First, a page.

Making Movies

Do you ever have something weighing on your mind for what feels like forever? An item on your creative to-do list? An artistic task you desperately want to complete? That happens to me, too. Sometimes it takes accepting help to make moves. Or, in this case, to make movies. Over the weekend, with the help of a film goddess, we finally brought into reality the culmination of five months of magical thinking.

I can’t even express how good it felt. And how fun it was.

Here’s how it started. Five months ago, our project manager drew up a content schedule for us to loosely follow (that reminds me, I should look at it again…) and the first item on it, slated for the beginning of January, was ‘Factory Man Video’.

Factory Man video. A music video. Shawn and I had done our previous two music videos ourselves. And it was hard work. It had taken a lot of planning, communication, planning, shooting, editing. Did I say planning? And the whole time I felt like I didn’t really know what I was doing. We had plans. And we made it happen. But I had the sinking feeling both times that I was operating in a vacuum. What I really wanted was a creative collaborator who I could exchange ideas with. Someone one step removed.

So, for this new video on the schedule, we entertained every permutation of possibility. First, we thought we’d make it ourselves (like the other two), but we felt ill-equipped. Our camera is medium-quality, there are only two of us, and I was having a hard time coming up with ideas that felt right. And I really wanted this video to improve on the other ones.

One weekend in January, we powered through and made a video in one day. We took a few weeks to edit it. But, after weeks of working on it, it just wasn’t doing it for us. It felt… jenky. Unpolished. In a bad way. I showed our final product to my friend, a filmmaker, and she told me that it was terrible. She was right.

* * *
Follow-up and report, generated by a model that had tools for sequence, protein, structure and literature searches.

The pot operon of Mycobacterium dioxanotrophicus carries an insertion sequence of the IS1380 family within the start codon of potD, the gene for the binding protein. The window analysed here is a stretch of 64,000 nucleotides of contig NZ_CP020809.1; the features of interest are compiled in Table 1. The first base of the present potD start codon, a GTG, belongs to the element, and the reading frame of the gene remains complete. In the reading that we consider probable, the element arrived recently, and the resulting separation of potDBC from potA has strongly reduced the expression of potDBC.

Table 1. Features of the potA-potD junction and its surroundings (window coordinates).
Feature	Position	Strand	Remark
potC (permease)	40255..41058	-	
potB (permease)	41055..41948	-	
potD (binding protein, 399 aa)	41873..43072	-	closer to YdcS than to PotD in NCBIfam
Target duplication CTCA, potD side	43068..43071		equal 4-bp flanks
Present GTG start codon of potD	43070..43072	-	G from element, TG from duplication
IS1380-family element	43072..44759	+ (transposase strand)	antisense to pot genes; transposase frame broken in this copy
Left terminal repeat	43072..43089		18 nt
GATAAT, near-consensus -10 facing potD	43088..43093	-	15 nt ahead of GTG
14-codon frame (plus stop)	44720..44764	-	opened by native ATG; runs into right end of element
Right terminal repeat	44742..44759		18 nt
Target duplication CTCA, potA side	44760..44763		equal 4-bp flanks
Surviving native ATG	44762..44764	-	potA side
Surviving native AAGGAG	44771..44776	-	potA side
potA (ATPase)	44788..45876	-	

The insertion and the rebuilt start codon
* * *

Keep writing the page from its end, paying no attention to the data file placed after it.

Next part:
a still from our failed attempt


outside shots from our first (failed) attempt. Did I mention we shot these scenes in -4 degree weather?

So it was back to the drawing board. We tried to find local videographers. We corresponded with a Vermont firm (above budget); we contemplated renting a better camera and re-doing it ourselves; we even considered going out to LA for a weekend to make it. Meanwhile, months were passing. January, February, March, April. Still, the first item on our content list was unmade. It tormented me.

And then. Then our team had the best idea ever. They called me and ran it by me: to fly our Blue Elan digital content manager to us in NY for the weekend. Yes! That was the answer! I was overjoyed. I knew it was going to be really special. And it was.

When we planned it, the weekend felt so far away. And then it wasn’t. Then it was Saturday and I was on my way to get Dee, our content manager, from the airport!

It was a magical weekend in a million ways. We had such a good time bonding that making the music video was a bonus. And we didn’t just make one music video. We made two!


shooting with Dee

It was just as I’d hoped. Having the perfect person there to share ideas with brought those ideas into reality. And they still had a touch of magic clinging to them from the magical places they’d come from. They glittered in the sun.


this is my ‘how are you so amazing’ face

The process was so much fun. I love to make things. I love to collaborate. I love the feeling of bringing an idea to life. And when I feel a soul-connection to the person I’m working with, the whole experience is enhanced.

The first day of shooting, we made the first video. It was ambitious. And the final product was even more beautiful than I imagined. High off of that accomplishment, we woke up the next morning ready to make the next one. The Factory Man one. The one that had been hanging over our heads for five months.

The process of making this video was slower. It was almost like the creative block from the months of trying was carrying over into the making of it. We built an entire set outside. It took like five hours.


Ham enjoyed the set.

We were all tired. Energy was flagging. We tried a few things. I was getting discouraged. And then Dee said to me, ‘it’s almost like the feelings you have about the Factory Man video are informing this video. Use it! Use those feelings. Use that energy. Let’s try it again!’

And that is when I realized what makes a professional. Going until you get it. That time, we got it.

And now we have two new music videos in the line-up! I’m so glad that I can stop worrying about ‘Factory Man.’ It almost feels unnatural to not be thinking about it. It was on my mental list for so long. But it’s done. And I can’t wait to share it. Both of them.

This experience was another reiteration of a lesson that I am learning over and over again – that it’s important, illuminating, nourishing, and uplifting to connect with other artists. To ask for help. And, when it’s offered to you, to take it.